Leaning Against the Wind When Credit Bites Back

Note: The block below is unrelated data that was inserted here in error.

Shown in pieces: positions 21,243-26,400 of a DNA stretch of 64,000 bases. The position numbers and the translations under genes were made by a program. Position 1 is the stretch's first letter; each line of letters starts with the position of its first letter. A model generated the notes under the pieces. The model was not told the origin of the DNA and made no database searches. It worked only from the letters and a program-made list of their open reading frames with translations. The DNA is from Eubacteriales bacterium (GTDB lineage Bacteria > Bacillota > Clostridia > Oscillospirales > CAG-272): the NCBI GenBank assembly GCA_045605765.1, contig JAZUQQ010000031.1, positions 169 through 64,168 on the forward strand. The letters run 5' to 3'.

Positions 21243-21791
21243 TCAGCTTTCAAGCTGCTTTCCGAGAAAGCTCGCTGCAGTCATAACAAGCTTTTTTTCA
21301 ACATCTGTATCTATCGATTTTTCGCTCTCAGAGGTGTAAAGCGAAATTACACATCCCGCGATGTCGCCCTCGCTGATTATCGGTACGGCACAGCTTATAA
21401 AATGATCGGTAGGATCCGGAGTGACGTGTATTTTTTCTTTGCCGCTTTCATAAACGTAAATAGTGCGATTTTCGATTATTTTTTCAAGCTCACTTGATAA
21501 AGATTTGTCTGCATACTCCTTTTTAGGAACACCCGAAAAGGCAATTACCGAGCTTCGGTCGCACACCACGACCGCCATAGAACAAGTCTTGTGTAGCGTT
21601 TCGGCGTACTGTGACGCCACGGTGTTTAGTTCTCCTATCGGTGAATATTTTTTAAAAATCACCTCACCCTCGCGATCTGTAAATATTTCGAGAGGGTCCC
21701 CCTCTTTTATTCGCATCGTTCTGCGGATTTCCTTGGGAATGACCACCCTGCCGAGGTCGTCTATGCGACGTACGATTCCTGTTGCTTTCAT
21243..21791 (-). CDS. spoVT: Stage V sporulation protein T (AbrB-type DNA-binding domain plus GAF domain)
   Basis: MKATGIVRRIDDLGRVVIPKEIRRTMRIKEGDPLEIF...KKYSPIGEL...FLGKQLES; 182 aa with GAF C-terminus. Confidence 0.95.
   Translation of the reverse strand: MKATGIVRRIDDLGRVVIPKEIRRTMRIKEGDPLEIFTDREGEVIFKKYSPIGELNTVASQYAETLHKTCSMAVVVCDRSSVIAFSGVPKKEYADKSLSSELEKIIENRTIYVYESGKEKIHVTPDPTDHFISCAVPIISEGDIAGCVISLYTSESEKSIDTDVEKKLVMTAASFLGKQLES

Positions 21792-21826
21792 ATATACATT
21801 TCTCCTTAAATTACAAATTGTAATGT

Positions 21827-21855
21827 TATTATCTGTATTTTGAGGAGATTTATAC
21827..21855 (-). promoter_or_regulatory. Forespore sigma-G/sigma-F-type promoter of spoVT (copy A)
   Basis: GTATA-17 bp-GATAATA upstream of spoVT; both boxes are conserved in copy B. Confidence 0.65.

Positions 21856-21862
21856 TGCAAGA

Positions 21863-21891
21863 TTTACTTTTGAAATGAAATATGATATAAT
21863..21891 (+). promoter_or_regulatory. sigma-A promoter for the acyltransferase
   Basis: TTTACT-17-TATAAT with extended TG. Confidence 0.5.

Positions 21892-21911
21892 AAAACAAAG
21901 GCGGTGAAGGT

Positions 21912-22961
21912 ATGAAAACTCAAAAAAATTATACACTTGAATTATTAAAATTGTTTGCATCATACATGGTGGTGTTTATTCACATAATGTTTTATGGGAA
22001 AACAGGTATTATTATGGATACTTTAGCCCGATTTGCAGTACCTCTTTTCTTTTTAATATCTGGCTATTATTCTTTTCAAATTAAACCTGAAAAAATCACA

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This paper analyzes the cost-benefit trade-off of leaning against the wind (LAW) in monetary policy. Our starting point is a New Keynesian Markov-switching model where the economy can be in a normal state or in a crisis state. The set-up enables us to weigh benefits against costs for different systematic LAW policies. We find that the benefits of LAW in terms of a lower frequency of severe financial recessions exceed costs in terms of higher volatility in output and in inflation in normal times when i) agents underestimate crisis risk, and ii) the severity of crises is endogenous (i.e. when "credit bites back"). Furthermore, we find that using an asymmetric rule that only includes positive credit growth can reduce the frequency of severe financial recessions even further, but that this comes at the cost of higher volatility in normal times. Finally, we find that LAW policies can lead to relatively higher output volatility in normal times when agents perceive crisis risk correctly because they are already internalizing the risk of lower future consumption by reducing consumption today.